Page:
(Further) antedating quote about spelling
aardvark66 at GMAIL.COM
Thu Jan 14 17:51:05 UTC 2010
I did a modified search on GB and found a few interesting things, but no
further antedating. A brief summary--I'll have a long post likely tonight.
1) Some alleged Mark Twain quotations are slightly different in that
they include "little genius" to describe the target. That may either
make the attribution possibly authentic--to that particular wording--or
that someone got creative both with language and with attribution and
others quickly copied.
2) A number of attributions are to Andrew Jackson or, simply, to General
3) Yet more attributions are to "Josh Billings" (Henry Wheeler Shaw),
and not without reason. But "Billings" is assumed to have started
writing as a journalist in 1858 and added satire almost a decade later.
It is certainly possible that he penned the 1855 versions, but there is
no evidence of that. Conversely, some of his humor might have been
influenced by the expression.
4) A number of citations attribute the expression to "the Irishman", a
couple more to "the negro".
5) Marshal Brown's book suffered a number of editions, some of which
predate the 1880 citation. The version of the story refers to "Hon. Mr.
R--" and duplicates nearly verbatim the Harper's version with Huram
Runnels--of course, now there is a problem that the citation below uses
the same language and the name of Nyrum Reynolds. In particular, all
contain the expression "successful pettifogger", which the Dec 1855
Liverpool version does not.
6) "History of Wyoming County, NY" identifies a real lawyer and
associate judge Nyrum Reynolds as being an early and long-term resident
of Gainesville, NY. The citation is from 1880, but it also attributes
the quip to Reynolds.
7) A number of autobiographical sketches and other comments on potential
spelling reforms attribute the quip to random people from their lives,
unnamed ministers, congressmen, etc.
Overall, the Nyrum Reynolds bit looks the most authentic from
literature, but it's likely the expression had already acquired
proverbial nature when he used it. It's also possible that Andrew
Jackson and Mark Twain both used modified versions of the phrase later,
but there is no direct evidence for this and the original quip clearly
predates both of them.
On 1/14/2010 9:02 AM, Joel S. Berson wrote:
> At 1/14/2010 07:47 AM, Stephen Goranson wrote:
>> Here's an apparent slight antedating:
>> The Carlisle Journal Friday, October 19, 1855
> And one slightly earlier than that, from Sept. 13, 1855:
> Farmer's Cabinet, published as The Farmers'
> Cabinet.; Date: 09-13-1855; Volume: 54; Issue: 6;
> Page: ; Location: Amherst, New Hampshire. [EAN]
> The narrative is reminiscent of Garson's 1855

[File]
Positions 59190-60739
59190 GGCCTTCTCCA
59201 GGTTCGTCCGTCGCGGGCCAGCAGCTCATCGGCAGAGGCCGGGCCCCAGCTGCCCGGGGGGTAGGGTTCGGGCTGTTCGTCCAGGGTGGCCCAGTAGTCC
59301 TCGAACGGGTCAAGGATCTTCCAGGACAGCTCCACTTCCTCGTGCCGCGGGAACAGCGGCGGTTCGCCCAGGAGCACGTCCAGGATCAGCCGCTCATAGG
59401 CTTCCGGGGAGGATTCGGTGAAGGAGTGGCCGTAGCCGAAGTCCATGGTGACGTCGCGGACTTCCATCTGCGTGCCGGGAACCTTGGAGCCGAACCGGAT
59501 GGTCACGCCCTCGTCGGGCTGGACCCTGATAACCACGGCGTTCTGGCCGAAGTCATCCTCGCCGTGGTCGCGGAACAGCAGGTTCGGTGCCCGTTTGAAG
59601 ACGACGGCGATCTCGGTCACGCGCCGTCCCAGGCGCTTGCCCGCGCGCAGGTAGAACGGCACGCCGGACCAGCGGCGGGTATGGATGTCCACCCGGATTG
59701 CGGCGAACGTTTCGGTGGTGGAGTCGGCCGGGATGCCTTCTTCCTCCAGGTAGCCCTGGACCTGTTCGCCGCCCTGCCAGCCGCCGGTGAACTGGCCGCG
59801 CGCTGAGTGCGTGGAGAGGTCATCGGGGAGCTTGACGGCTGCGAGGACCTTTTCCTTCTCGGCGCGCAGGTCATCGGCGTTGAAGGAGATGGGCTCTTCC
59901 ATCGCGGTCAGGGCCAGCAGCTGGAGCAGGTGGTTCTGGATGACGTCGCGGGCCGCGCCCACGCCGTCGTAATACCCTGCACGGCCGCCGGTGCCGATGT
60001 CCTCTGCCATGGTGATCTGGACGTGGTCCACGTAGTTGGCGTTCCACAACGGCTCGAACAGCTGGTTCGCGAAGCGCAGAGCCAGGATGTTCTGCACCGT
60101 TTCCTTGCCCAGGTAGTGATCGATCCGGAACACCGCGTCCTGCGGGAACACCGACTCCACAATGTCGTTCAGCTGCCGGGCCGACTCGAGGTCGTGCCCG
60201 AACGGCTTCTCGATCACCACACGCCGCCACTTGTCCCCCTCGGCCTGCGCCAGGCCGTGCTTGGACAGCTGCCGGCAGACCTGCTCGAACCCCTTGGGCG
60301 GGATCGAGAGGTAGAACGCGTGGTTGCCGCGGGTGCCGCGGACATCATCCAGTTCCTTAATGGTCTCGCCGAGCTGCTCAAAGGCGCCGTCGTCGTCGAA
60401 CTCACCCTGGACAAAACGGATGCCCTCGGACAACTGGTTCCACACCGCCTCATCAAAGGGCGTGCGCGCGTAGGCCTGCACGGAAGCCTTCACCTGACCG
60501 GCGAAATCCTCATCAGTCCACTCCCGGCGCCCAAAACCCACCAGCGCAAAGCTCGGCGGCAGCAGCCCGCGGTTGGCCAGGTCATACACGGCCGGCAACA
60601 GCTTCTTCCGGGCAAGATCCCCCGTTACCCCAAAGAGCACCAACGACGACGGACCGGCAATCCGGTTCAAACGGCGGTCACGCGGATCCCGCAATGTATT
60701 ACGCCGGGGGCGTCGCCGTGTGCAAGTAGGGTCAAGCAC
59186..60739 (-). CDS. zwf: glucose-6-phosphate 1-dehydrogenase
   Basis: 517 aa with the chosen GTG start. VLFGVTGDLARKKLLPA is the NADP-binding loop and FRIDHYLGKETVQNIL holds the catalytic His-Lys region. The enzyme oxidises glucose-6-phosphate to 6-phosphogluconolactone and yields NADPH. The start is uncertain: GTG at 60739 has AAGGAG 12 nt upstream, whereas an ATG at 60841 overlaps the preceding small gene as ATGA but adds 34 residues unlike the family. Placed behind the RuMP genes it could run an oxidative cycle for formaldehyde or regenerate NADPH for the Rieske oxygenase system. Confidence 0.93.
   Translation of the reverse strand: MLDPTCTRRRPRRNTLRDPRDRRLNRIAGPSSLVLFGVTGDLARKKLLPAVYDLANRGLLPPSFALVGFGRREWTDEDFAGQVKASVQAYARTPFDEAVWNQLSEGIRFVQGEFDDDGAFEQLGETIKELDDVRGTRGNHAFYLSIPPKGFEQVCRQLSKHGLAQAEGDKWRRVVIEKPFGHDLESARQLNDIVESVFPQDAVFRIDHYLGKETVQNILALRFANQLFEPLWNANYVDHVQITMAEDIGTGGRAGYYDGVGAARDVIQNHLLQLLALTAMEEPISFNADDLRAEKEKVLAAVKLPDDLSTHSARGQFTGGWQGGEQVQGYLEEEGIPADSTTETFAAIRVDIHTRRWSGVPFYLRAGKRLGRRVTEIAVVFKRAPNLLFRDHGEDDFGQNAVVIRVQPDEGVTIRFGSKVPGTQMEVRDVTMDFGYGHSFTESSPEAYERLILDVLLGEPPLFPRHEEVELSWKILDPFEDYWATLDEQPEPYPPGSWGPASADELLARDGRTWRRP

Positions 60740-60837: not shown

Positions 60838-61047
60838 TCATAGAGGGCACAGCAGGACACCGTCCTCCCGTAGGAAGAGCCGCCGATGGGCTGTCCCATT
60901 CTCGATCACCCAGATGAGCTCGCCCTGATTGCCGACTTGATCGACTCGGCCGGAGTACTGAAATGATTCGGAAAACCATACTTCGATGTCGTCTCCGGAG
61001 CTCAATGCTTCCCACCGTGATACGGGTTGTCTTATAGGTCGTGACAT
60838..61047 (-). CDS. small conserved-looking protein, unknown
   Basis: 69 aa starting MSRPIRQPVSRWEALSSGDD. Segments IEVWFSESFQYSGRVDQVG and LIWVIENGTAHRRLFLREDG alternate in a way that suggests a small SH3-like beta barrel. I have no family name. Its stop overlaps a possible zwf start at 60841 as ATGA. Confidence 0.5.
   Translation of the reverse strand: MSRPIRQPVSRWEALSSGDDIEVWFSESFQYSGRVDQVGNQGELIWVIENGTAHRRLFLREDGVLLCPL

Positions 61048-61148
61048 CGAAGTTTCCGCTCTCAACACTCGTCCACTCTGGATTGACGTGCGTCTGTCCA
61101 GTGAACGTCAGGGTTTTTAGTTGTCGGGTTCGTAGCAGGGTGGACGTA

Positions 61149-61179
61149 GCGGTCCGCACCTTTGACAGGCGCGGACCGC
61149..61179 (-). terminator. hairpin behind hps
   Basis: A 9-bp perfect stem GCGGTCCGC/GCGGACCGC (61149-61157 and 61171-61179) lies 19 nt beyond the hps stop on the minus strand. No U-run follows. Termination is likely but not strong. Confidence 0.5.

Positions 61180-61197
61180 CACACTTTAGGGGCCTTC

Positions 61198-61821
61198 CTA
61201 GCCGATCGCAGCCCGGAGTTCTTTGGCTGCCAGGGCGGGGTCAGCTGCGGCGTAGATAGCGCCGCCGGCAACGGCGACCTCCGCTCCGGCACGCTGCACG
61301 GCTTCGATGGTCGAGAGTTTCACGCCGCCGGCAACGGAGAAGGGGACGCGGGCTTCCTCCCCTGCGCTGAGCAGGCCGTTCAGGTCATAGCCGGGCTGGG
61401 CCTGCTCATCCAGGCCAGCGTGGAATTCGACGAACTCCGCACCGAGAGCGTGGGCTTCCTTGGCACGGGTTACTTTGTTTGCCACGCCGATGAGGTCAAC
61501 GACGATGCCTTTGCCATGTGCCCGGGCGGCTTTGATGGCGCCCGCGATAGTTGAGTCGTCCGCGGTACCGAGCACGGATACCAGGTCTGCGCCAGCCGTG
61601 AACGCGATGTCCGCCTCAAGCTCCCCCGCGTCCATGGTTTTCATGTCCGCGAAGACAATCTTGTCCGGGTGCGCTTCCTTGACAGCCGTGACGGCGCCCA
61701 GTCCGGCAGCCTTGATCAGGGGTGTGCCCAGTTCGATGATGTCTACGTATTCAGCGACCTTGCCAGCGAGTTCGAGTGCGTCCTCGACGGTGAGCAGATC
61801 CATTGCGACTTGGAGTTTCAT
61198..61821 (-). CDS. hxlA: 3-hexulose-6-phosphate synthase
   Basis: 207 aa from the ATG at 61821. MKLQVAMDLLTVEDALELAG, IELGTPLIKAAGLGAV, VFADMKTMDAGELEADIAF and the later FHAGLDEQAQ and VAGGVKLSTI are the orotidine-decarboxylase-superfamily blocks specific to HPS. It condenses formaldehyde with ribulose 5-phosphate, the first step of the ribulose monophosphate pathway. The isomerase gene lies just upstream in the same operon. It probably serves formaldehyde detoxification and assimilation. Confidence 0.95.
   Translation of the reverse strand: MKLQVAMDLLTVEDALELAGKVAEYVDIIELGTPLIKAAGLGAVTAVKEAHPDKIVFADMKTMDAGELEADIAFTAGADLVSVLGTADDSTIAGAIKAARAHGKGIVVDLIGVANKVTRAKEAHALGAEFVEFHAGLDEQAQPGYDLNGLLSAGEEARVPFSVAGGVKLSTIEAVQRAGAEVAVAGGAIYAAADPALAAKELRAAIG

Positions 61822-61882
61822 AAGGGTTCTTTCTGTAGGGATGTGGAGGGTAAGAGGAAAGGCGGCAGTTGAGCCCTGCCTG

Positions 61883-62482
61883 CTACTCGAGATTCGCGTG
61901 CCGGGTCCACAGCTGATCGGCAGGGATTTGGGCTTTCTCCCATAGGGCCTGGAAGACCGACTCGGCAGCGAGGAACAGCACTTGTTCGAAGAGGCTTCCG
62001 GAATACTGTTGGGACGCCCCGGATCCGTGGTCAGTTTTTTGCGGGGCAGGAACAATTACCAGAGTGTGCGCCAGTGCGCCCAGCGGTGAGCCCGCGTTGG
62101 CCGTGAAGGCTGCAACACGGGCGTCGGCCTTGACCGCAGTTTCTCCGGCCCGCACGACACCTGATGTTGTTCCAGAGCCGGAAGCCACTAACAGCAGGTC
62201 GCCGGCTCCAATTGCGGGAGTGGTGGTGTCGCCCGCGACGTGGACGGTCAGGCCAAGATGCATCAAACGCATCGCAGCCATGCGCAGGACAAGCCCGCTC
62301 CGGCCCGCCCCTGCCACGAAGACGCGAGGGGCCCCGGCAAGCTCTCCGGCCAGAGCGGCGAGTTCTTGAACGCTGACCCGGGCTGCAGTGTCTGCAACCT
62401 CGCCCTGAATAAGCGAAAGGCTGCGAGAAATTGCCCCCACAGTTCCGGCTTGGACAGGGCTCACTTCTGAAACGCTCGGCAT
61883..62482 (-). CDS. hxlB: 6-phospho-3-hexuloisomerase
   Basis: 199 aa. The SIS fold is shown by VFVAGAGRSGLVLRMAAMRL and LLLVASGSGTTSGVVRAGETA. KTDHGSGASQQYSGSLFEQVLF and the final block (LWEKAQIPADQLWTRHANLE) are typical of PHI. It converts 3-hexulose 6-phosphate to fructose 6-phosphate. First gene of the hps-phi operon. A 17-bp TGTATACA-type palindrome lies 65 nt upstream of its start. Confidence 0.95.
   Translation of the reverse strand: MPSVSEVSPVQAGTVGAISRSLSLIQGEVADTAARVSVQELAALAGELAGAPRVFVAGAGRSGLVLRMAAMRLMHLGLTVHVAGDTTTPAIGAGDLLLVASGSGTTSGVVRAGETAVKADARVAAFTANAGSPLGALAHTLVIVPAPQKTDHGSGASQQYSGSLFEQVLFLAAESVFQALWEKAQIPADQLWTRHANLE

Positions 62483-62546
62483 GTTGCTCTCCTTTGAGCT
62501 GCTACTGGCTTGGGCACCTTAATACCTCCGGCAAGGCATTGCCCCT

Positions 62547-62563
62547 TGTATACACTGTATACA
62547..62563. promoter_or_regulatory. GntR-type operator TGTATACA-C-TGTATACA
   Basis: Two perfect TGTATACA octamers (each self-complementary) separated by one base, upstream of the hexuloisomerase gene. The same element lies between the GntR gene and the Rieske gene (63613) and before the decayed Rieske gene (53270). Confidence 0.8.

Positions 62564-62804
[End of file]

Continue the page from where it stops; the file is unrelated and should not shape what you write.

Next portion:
> November, Harper's Magazine, citation, but there are variations. It begins:
> Spelling Words More than One Way.---Several years
> ago, "when the country was new," Hon. Nyrum
> Reynolds, of Wyoming county, enjoyed quite a
> reputation as a successful pettifogger.
> Further down, we read:
> "Gen'l'men of the Jury," said Reynolds, when he
> "sumed up'"--and every word weighed a
> pound---"the learned counsel on the other side
> finds fault with my ritin' and spilling', as
> though the merits of this case depended on sich
> matters! I'm agin lugging in any sich outside
> affairs, but I will say that _a man must be a
> great fool who can't spell a word more than one
> way._" The Jury sympathized with Judge R. and
> rendered a decision in favor of his client."
> And there is more of the trail to be followed --
> at the end of its article the Farmers' Cabinet of
> Amherst, NH, credits the "Olean (N. Y.)
> Journal." (EAN disclaims holding more than 5
> titles throughout the U.S. in 1855.)
>> Content-Transfer-Encoding: 8bit
>> Content-Disposition: inline
>> Quoting Garson O'Toole<adsgarsonotoole at GMAIL.COM>:
>>> Fred Shapiro in The Yale Book of Quotationsâ€Ž (YBQ) discusses a quote
>>> about spelling that is often attributed to Mark Twain:
>>> I have no respect for a man who can spell a word only one way.
>>> Attributed in Chicago Daily Tribune, 22 May 1932. Without attribution
>>> to Twain, this appears as early as 1880, in Marshall Brown, Wit and
>>> Humor: "A man must be a great fool who can't spell a word more than
>>> one way."
>>> Based on a check that included the ADS archive, WikiQuote,
>>> TwainQuotes, YBQ, Ralph Keyes work, and Barry Popik's website these
>>> cites appear to be the earliest currently known for this quote. The
>>> TwainQuotes site of Barbara Schmidt includes an excellent webpage on
>>> the theme of spelling, but none of the quotes featured really match
>>> the joke.
>>> Below we present an attribution of the joke to Mark Twain in 1895, to
>>> Nyrum Reynolds in December 1855, and to Hiram Runnels in November
>>> Citation: 1895 November, The New Education, Vol. 8, No. 6, Concerning
>>> Spelling by Caroline Martin, Page 94, Snap Shot Publishing, New York.
>>> Addison tells us that Will Honeycomb claimed to spell like a gentleman
>>> rather than like a scholar; and Mark Twain says it isn't much of a